How We Scored 1985 Air Jordan 1s and Four Tips to Up Your Thrifting Game

Every once and a while, and far less often than we'd like, thrifters have an incredible score.
Air Jordan 1s from 1985

There's the man who found a LeCoultre dive watch for six bucks at, of all places, a Goodwill store. He flipped the timepiece for $35,000 and brand new Omega Speedmaster.

While we've had our share of amazing finds, including a vintage Eames DCM (Dining Chair Metal) for less than $10, our most recent Sunday-afternoon score is our most satisfying yet.

We grabbed a pair of original 1985 Air Jordan 1s, grail sneakers for many collectors, just after they had been put on the shelf. (Which also goes to show our thrifting tips--go on the weekend late in day after donations are made--do pan out in the real world.)

A view from the air

While there are many super-desirable sneakers out there today, we'd argue that these athletic shoes were the ones that kicked off the current collecting craze. These are Michel Jordan's first signature shoe. And it's Michael Jordan. And the Chicago Bulls. And we're Old School and from Chicago. Enough said!

After a second watching of Sneakerheadz and in-depth discussions with our sneakerhead son, we've expanded our knowledge of shoes and are now on the look out for sought-after kicks. To tell the truth, it's been hit-or-miss so far. Many expensive sneakers are faked and others simply aren't worth that much on the resale market. And, frankly, we're not exactly sure what's "real" as we've just started taking on this market.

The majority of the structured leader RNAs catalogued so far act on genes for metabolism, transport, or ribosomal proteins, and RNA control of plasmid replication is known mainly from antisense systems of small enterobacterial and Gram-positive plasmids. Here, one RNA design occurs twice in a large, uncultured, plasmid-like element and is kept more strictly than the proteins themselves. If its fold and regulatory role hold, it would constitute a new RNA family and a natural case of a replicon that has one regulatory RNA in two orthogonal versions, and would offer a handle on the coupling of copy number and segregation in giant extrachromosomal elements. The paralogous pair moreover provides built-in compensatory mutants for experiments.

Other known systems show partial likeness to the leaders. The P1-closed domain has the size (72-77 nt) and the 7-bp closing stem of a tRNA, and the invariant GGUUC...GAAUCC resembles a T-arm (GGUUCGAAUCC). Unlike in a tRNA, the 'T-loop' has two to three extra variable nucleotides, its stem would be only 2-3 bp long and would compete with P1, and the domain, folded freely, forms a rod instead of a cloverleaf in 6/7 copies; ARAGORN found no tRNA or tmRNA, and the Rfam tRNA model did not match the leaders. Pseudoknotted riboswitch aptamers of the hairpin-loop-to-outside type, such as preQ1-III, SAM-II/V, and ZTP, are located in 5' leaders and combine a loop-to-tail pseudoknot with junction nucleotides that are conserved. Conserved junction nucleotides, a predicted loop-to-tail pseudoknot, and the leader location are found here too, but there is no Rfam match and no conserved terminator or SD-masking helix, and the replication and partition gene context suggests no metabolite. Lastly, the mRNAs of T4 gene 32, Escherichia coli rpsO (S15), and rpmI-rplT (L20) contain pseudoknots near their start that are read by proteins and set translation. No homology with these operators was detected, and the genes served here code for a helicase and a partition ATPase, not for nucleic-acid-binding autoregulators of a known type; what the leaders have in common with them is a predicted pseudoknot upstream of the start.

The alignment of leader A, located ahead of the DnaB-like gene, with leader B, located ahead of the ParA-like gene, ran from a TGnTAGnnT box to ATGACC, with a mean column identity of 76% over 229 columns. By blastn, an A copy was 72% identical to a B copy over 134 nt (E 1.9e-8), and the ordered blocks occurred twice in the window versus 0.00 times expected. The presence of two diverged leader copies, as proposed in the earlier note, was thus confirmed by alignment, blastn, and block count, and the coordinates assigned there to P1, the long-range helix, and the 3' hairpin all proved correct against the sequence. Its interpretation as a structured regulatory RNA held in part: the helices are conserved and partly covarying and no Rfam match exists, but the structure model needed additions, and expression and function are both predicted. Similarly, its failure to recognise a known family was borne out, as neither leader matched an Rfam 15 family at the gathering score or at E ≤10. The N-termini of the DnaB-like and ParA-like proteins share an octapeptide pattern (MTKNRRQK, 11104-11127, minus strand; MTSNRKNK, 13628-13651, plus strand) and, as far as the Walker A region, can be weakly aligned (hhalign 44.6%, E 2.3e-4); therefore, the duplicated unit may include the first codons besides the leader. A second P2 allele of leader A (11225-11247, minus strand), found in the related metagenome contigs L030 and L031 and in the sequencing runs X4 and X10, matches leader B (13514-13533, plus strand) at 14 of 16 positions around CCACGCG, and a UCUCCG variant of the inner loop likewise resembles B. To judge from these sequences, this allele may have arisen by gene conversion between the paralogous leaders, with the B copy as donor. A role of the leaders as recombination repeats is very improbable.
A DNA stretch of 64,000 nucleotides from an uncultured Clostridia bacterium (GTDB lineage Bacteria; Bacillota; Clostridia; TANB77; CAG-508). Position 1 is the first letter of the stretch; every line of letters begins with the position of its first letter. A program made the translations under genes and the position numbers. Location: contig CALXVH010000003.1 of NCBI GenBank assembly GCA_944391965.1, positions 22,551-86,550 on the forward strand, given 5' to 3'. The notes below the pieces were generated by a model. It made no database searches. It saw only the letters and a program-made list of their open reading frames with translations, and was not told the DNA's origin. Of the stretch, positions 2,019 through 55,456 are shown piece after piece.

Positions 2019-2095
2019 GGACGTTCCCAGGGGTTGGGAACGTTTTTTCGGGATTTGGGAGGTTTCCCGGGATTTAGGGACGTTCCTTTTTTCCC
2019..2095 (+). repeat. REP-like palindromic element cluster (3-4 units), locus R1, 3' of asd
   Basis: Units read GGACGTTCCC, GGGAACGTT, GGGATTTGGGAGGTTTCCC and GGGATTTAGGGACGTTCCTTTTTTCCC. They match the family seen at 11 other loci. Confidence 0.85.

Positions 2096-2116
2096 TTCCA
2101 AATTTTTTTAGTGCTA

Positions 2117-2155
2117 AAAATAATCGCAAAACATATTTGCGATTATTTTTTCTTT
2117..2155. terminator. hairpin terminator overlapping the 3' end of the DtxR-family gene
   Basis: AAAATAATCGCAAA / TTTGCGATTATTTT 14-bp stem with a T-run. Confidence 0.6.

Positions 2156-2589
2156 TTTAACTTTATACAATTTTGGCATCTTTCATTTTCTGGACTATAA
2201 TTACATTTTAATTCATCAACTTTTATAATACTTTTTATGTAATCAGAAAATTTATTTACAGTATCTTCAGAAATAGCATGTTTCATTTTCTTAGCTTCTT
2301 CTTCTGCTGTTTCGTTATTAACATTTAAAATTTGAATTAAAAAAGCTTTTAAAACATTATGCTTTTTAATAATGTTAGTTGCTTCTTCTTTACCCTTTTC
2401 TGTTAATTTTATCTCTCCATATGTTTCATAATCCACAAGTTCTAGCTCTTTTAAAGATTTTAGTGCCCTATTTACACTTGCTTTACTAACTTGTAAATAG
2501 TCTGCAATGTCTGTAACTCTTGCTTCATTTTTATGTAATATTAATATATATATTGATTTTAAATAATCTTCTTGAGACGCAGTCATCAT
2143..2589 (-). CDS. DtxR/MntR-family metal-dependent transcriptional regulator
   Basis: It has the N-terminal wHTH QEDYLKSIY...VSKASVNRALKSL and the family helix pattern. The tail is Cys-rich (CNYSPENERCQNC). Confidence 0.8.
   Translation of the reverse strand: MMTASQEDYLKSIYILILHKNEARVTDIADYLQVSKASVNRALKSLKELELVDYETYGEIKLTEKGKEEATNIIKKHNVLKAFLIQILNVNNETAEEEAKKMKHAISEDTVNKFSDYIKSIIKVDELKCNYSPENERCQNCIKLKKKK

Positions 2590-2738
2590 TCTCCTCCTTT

These are a few tips on how you can ID Air Jordan 1s on-the-fly at the thrift store using your smartphone, just as we did:
Made in the Republic of Korea

  1. Like many "old" things they just had the right feel and look. This type of insight takes time to develop, but once getting the feel for it, it's certainly a real way to help you ID items.
  2. The marks in the shoe "felt" legit. There were no barcodes or websites printed on a label inside the shoe; check the Nikes you're wearing now for an example. 
  3. The Nike label on the tongue of the shoe detailed copyright information and the country of manufacture: the Republic of Korea (right). (Just about all sneakers are made in China now.)
  4. There was a simple code printed in black ink inside the shoe. This code is the manufacture date of the shoe (below).
And hey, at thrift store prices, sometimes it is just worth it to take the risk!

The all-important size and date code


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